Sigma Apo 70-300 F4-5.6
Posted 29 January 2013 - 09:21 AM
Posted 29 January 2013 - 09:47 AM
Posted 29 January 2013 - 12:17 PM
Posted 29 January 2013 - 12:29 PM
Posted 29 January 2013 - 03:08 PM
Its not mine, and I wouldn't sell mine. Well, maybe for the right price. Ron
Posted 29 January 2013 - 05:43 PM
10 90sec @iso800 and 11 @ iso 400
the 16 point stars were a little strange tho(but cool looking)just my 2 cents
Posted 29 January 2013 - 08:53 PM
the above are stopped to f/4 with the internal diaphragm.
ccd shots (wide open @ f/2.8 with 5nm Ha filter)
Posted 29 January 2013 - 11:52 PM
Posted 30 January 2013 - 03:41 AM
1. Attach your TV60is to the camera. Yes, it is too long focal length and too slow in focal ratio for the Polarie, but bear with me.
2. Polar align your Polarie as best you can. I am assuming that you already own the Polar Finder Scope? If not, then you are going into the wilderness.
3. Point at some bright starfield and shoot 5 subs each at 15sec, 30sec, 60sec, 120sec. Check what length of subs give you 4 well-tracked frames out of 5. This is your longest, good tracking limit at 360mm focal length (TV60is is an f6 if I recall correctly). Let us say, it is the set of 60sec subs. That means that the Polarie+your DSLR are good for 30sec subs at a focal length of 720mm or 120sec subs at a focal length of 180mm, etc. Simple inverse proportionality.
4. Now you are ready to choose what lens to buy, focal length and focal ratio. Just recall that you need the following minimal-length subs for the following focal ratios:
All the above are ball-park figures, but they do work. In the example above a good choice would be a 200mm f2.8 lens shooting 60sec subs with a yield >> 80% perfectly tracked. A 300mm f4.0 lens would be too slow because you will need 120sec subs. But a 300mm f2.8 requires 60sec subs and it will be fine, but costing $5k? Good luck and happy hunting.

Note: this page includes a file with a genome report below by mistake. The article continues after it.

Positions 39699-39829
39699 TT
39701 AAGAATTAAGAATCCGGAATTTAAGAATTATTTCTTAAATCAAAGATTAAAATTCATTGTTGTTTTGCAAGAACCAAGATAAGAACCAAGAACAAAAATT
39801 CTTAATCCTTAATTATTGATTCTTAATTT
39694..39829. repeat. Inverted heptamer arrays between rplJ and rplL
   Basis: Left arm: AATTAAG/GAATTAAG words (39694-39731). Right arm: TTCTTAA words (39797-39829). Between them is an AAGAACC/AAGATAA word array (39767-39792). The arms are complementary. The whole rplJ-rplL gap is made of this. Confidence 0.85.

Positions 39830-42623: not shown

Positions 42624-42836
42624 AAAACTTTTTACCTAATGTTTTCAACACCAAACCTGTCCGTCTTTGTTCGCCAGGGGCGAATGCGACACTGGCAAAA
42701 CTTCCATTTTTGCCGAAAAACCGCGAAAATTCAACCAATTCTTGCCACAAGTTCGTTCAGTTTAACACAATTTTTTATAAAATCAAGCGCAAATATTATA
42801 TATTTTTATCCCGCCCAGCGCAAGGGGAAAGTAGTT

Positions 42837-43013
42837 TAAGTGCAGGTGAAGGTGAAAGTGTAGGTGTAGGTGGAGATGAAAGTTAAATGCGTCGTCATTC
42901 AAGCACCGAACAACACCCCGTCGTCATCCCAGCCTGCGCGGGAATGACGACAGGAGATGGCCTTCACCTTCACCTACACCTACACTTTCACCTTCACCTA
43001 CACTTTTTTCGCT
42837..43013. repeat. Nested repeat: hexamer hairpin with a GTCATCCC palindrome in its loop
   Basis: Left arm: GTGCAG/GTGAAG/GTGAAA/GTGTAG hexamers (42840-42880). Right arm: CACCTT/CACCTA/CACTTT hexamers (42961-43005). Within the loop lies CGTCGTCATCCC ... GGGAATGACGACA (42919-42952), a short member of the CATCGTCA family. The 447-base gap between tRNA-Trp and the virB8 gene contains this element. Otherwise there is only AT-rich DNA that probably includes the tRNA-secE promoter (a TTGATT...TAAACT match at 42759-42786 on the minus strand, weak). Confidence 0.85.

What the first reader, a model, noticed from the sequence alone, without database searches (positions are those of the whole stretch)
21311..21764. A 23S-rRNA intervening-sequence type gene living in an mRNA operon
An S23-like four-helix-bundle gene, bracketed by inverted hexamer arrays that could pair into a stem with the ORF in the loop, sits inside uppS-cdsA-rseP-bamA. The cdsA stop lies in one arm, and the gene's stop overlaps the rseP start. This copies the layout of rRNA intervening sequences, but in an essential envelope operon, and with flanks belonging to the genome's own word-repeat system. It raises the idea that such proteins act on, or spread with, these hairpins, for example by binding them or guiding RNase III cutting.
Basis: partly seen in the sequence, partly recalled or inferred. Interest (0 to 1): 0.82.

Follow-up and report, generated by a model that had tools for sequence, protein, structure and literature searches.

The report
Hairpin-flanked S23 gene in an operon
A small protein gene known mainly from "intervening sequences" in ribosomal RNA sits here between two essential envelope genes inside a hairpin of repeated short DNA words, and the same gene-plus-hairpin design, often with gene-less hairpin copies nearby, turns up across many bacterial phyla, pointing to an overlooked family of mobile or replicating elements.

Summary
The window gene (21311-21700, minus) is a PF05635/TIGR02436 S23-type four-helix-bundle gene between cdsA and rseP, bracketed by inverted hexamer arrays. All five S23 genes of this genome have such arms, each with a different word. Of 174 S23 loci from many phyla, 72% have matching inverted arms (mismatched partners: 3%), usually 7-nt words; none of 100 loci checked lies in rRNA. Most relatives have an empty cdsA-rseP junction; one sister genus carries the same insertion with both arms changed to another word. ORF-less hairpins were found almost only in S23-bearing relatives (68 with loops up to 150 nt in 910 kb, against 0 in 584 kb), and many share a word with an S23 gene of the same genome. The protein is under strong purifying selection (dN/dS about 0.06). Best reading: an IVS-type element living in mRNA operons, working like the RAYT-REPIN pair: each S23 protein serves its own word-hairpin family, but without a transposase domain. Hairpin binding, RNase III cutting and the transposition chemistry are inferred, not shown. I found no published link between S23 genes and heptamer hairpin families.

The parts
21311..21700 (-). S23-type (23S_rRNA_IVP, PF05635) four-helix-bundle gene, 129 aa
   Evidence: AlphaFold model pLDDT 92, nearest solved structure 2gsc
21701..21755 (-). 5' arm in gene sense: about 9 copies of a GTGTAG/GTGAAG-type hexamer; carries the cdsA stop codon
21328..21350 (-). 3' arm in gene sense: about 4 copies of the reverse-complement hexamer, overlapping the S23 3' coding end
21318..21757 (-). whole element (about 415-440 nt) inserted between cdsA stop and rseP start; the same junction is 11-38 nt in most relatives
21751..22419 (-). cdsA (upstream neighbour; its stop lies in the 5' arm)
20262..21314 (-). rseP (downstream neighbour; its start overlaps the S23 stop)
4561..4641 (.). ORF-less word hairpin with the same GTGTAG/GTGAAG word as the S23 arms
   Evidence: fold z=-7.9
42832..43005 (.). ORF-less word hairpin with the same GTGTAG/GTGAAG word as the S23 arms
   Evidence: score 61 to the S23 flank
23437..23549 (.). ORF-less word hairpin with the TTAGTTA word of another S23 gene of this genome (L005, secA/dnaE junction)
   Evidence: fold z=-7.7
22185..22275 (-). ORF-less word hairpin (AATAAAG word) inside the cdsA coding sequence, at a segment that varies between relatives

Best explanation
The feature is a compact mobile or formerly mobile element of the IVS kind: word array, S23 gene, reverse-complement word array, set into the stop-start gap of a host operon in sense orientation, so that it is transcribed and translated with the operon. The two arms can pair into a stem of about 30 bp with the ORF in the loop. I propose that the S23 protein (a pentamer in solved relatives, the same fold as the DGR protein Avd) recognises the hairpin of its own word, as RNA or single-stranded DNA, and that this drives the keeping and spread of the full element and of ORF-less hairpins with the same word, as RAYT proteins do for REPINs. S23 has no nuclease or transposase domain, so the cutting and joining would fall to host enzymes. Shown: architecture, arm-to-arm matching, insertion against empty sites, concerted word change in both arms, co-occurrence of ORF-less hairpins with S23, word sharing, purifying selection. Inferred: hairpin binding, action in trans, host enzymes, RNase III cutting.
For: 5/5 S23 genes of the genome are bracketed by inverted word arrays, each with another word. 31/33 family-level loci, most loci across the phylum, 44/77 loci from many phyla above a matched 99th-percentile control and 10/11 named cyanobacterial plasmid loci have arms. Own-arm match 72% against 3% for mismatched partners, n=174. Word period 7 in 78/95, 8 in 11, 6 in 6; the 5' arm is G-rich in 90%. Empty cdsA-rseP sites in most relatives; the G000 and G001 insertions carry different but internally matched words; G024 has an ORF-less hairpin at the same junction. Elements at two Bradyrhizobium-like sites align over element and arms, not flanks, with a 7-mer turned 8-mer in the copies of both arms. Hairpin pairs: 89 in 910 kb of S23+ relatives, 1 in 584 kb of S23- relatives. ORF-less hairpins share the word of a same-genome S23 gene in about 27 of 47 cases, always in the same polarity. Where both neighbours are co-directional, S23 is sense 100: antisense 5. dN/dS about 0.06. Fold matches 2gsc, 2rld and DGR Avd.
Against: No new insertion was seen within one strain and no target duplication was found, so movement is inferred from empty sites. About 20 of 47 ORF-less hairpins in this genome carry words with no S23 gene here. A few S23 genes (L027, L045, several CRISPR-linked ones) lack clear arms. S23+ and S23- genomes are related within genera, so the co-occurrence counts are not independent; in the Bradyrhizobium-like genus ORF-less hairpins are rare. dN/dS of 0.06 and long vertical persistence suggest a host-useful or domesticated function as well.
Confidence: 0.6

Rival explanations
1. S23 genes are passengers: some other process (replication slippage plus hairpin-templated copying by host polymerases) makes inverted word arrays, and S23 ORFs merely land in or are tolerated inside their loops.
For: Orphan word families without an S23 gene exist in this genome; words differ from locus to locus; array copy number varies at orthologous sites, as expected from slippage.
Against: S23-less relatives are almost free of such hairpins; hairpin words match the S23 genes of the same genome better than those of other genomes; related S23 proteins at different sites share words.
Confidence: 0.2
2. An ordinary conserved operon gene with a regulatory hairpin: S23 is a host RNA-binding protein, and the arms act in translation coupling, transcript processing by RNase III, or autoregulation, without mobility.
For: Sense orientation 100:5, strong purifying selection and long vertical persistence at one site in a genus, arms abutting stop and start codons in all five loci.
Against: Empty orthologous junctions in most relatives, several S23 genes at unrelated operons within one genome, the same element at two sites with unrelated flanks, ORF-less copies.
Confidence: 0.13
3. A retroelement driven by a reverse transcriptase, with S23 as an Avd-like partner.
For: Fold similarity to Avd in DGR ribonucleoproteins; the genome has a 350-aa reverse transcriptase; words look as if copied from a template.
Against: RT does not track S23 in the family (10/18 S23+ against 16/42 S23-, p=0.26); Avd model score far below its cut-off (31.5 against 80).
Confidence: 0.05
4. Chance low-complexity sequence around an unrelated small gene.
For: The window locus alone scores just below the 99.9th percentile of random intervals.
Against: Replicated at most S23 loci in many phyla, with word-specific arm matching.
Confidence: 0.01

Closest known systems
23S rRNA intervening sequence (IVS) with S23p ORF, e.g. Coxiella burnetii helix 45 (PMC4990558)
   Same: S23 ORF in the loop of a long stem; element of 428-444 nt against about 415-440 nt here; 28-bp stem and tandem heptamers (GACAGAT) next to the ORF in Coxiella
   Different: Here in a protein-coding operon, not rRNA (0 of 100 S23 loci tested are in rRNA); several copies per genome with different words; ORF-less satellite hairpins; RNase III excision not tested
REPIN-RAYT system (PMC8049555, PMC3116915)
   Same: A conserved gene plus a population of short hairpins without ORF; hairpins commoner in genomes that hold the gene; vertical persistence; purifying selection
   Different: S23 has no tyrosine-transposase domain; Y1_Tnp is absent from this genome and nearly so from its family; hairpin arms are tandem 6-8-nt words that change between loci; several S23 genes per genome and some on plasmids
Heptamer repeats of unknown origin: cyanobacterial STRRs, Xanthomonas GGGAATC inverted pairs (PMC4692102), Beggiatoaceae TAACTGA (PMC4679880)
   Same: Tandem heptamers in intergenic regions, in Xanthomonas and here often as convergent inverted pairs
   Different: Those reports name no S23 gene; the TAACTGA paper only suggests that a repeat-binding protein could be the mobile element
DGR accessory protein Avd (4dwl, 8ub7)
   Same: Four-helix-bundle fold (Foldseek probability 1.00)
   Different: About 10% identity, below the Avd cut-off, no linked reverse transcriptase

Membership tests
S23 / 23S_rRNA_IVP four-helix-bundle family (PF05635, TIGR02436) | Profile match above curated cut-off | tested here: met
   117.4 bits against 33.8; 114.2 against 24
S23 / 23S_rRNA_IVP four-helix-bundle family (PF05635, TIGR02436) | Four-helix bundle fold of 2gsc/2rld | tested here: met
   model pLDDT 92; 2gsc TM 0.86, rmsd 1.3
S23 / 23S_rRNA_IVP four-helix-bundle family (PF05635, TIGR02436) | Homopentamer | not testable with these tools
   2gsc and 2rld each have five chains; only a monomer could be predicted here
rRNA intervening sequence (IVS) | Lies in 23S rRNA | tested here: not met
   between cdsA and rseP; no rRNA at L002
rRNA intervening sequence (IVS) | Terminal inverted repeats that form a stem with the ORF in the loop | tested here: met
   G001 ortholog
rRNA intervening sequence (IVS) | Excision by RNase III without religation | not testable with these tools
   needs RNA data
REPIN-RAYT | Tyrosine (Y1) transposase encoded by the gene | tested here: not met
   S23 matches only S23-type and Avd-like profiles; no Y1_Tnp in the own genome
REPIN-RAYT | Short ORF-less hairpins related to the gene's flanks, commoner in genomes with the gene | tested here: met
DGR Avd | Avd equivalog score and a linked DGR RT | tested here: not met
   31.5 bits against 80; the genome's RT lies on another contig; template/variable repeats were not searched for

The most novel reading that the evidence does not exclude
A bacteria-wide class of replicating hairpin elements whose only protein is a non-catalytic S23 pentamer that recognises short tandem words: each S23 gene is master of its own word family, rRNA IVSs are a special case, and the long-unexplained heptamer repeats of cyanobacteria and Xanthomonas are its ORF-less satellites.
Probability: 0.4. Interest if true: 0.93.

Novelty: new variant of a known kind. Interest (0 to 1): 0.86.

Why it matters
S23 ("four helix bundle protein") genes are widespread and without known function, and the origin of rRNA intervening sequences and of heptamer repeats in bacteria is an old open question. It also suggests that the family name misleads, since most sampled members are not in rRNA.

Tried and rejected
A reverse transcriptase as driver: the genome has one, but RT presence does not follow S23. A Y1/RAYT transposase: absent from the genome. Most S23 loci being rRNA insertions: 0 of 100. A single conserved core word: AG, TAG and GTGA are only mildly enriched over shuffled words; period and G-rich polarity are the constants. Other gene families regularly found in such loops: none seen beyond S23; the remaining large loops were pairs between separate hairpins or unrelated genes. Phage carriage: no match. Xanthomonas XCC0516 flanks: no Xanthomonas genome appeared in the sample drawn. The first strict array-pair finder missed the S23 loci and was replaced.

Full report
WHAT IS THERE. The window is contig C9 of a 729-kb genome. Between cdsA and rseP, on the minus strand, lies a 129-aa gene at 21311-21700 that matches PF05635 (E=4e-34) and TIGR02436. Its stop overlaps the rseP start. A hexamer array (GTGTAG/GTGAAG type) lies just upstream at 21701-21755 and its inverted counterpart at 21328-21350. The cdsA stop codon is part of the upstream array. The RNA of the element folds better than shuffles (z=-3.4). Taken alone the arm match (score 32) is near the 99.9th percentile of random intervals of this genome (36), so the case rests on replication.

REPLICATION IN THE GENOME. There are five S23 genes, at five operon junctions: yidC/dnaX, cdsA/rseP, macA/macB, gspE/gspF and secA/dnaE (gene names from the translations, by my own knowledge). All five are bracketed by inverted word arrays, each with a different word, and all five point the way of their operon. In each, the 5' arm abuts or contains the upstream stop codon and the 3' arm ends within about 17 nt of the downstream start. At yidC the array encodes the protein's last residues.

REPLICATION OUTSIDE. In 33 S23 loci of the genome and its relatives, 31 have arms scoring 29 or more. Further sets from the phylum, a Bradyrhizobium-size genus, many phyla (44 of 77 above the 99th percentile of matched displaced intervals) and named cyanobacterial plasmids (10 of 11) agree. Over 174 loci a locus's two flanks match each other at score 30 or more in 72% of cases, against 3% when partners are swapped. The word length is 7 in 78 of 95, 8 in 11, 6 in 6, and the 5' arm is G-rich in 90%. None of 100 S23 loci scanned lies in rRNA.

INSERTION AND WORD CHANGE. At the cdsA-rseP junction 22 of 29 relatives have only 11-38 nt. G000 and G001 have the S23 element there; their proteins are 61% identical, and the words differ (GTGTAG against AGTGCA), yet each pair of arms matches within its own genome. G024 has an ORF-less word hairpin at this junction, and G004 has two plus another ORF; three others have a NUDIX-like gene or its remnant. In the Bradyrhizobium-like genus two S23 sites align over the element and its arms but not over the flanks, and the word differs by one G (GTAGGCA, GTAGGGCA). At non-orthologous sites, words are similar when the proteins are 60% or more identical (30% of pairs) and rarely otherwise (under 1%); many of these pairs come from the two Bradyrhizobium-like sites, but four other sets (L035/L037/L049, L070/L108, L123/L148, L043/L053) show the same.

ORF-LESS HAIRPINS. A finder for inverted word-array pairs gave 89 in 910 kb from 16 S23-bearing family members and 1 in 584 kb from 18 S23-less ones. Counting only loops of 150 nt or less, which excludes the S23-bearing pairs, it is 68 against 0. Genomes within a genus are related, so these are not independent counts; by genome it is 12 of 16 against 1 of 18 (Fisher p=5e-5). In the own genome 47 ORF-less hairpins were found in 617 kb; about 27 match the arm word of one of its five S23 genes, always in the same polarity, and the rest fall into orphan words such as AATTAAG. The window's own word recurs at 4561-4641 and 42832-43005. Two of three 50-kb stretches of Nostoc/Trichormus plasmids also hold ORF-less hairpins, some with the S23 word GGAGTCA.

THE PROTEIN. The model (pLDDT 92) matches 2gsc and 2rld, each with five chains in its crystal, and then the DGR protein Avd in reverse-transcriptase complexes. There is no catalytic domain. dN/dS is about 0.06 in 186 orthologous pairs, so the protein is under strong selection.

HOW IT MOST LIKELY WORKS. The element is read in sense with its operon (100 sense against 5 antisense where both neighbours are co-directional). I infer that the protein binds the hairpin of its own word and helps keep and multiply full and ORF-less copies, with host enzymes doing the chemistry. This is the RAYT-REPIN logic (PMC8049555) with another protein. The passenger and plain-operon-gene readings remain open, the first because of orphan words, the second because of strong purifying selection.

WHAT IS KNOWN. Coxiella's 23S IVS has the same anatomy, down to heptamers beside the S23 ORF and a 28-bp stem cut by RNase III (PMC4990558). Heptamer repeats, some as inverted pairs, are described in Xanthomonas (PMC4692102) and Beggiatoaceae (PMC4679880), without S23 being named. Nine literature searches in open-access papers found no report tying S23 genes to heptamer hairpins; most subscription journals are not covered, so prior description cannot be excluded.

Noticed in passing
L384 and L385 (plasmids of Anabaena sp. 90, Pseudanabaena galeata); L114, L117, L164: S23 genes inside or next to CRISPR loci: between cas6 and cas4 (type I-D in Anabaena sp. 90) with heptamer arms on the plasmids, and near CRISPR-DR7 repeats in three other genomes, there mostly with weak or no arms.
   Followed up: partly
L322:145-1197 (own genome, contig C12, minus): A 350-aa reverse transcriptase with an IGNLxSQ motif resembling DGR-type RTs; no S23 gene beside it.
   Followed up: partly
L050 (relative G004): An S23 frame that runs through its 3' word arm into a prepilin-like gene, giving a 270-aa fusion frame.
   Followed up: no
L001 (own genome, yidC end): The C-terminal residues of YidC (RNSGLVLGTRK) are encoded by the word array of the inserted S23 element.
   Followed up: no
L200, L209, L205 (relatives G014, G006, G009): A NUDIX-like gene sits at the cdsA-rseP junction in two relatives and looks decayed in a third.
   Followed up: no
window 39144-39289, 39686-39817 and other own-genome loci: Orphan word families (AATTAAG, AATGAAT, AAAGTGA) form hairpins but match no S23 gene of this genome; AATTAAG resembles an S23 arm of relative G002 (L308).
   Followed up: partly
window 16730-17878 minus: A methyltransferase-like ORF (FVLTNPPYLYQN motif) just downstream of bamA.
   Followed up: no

Posted 30 January 2013 - 04:35 AM
I was also just looking at Jerry's list of good for astro-photography lenses and he recommended the EF 100mm F2.0 It's very reasonably priced brand new. If I could hunt down a used one, I have a feeling it will be even more reasonably priced.
Posted 30 January 2013 - 07:12 AM
Thanks for all the suggestions. I have decided to stick it out with the 17-85 kit lens that came with the 7D till I am comfortable with the polarie before moving on to longer focal lengths. First I will need to find a solution to the lens barrel creep, which is a big problem on this lens.
Hilmi, try using a rubberband or one of those Charitable Event wristbands that they give for a small donation.
Posted 02 February 2013 - 09:04 PM
I had to return it because auto focus had some mechanical problems. I am thinking of getting this lens again.
Another suggestion is to look for 135 mm lenses on ebay. They are very cheap and most of them are pretty good for what they cost. Of course this is a little bit of a gamble, but this way you can start a collection of lenses :-)
My favorite lens is Rikkenon 135mm F2.8 I bought off ebay for $20.
It is very sharp at F5.6, no visible aberrations. Here is what it is capable of:
Posted 02 February 2013 - 11:39 PM
a big problem is that they have eye popping levels of chromatic aberration.
the only camera lenses i've tried that don't have CA are canon L glass..
alex.. i think you were using the rikenon stopped down right?
hilmi, i expect the 100mm f2 canon to have CA wide open. you will probably have to stop down to at least f4 or f5.6 to get rid of it.
i've only tried one canon L lens - my 180mm - and it has no CA wide open. it has.. a number.. of other aberrations though.
Posted 03 February 2013 - 12:08 AM